WATER QUALITY

Paul Carter

 
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...bacteria is found on all surfaces, the sides and base of the aquarium, mops, plants etc.

No matter if your water is hard, soft, acid or alkaline it should be as clean as possible, reducing stress on the killies, hence improving their resistance to disease. The basic method of maintaining good water quality is the bacterial action of converting ammonia/nitrite to nitrates. Even small levels of ammonia/nitrite are poisonous. At the moment there are a number of articles in fishkeeping magazines relating to 'New Tank Syndrome' which detail the successful production of a bacterial filter. The bacteria is normally found in filters, but they are actually on every surface that is in contact with the aquarium water, which is an important fact for killie keepers. Water changes are still important to dilute the resultant nitrates. There is not a problem if a filter is used in the killie tank, whether it is a air operated box or sponge filter. Care must be taken when cleaning the filter medium, so as not to kill the beneficial bacteria. Rinse the medium in aquarium water which can then be discarded (this is excellent for watering your house plants, if no salt has been added).Most killies are kept in bare tanks without filtration. The beneficial bacteria is found on all surfaces, the sides and base of the aquarium, mops, plants etc., anything that has been in contact with the water for a minimum of two to three weeks.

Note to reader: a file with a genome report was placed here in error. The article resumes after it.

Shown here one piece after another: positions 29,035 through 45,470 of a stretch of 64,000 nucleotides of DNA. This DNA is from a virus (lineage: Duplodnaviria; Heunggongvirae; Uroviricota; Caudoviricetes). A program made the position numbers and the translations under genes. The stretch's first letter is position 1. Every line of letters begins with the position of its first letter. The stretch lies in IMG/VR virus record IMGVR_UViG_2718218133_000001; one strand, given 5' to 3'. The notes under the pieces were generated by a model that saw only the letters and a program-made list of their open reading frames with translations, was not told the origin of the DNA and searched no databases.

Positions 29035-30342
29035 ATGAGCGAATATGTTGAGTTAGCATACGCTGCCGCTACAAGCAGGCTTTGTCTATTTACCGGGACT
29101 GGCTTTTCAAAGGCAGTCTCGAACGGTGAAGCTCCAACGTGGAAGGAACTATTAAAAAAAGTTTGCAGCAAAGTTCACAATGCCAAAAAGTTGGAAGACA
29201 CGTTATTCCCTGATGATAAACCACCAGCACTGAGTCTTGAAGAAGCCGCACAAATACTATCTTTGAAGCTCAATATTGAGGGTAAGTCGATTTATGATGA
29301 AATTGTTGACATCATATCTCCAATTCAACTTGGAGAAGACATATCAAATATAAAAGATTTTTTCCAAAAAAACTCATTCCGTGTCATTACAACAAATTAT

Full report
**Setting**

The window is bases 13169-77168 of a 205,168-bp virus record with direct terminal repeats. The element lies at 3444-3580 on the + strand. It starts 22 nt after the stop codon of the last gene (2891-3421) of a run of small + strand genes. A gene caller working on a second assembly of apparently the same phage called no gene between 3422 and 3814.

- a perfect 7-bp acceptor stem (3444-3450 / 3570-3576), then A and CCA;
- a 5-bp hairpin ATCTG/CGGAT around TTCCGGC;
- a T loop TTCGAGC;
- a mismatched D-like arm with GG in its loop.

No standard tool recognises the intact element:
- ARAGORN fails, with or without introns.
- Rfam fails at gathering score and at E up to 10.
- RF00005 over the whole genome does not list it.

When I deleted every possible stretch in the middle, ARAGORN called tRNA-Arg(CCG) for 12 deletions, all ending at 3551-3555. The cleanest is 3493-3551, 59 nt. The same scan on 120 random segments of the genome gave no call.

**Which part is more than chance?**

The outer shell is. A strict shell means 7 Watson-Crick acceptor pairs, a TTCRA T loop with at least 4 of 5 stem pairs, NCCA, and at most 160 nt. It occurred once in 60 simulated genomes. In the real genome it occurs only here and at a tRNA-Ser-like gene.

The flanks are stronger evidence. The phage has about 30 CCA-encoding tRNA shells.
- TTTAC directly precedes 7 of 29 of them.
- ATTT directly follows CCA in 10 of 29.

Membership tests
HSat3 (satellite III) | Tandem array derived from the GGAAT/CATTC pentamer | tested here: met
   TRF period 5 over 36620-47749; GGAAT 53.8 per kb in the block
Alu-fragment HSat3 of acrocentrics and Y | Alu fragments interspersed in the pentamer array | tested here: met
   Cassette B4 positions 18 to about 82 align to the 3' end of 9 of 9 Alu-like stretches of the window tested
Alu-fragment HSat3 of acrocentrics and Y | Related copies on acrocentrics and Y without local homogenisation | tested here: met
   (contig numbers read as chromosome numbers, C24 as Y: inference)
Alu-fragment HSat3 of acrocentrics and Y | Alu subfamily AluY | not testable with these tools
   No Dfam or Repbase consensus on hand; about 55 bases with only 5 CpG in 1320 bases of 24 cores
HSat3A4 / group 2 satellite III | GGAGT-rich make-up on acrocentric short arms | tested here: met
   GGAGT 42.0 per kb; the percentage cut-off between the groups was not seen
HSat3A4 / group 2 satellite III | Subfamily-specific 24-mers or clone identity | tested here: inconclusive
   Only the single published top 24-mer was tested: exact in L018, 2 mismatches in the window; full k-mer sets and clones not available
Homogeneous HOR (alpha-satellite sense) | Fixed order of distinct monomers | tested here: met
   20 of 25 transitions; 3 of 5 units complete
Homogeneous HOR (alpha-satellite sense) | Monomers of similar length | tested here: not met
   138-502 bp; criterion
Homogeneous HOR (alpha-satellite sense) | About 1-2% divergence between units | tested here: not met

Care must be taken when cleaning the filter medium, so as not to kill the beneficial bacteria.

Great care must be taken when cleaning, so as not to kill all the bacteria. Cleaning only one surface per week could be an option, but I prefer the more natural method, therefore I grow Java Fern and Java Moss on small pieces (twigs) of driftwood which I can remove whilst tank cleaning. If they are kept moist there will be minimal loss of bacteria. An advantage of using live plants is that they will use some of the nitrates as a fertiliser. Another problem area is the small containers in which we hatch killie eggs.These are normally very sterile and will see a steady rise in Ammonia/Nitrite values over the first couple of weeks, sometimes to levels that will kill all the fry. Some ways to overcome this problem is to put pieces of Java Moss in the hatching container, carry out daily water changes (with freshwater of the same temperature, pH, hardness etc.) and to transfer the fry to larger quarters as quickly as possible. The levels of Ammonia/Nitrite can increase very rapidly if uneaten food (e.g.. dead brine shrimp) is left in the container. If lack of spare time stops you house-keeping after each feed, then adding a couple of small snails (but only after the eggs have hatched) will help.

 


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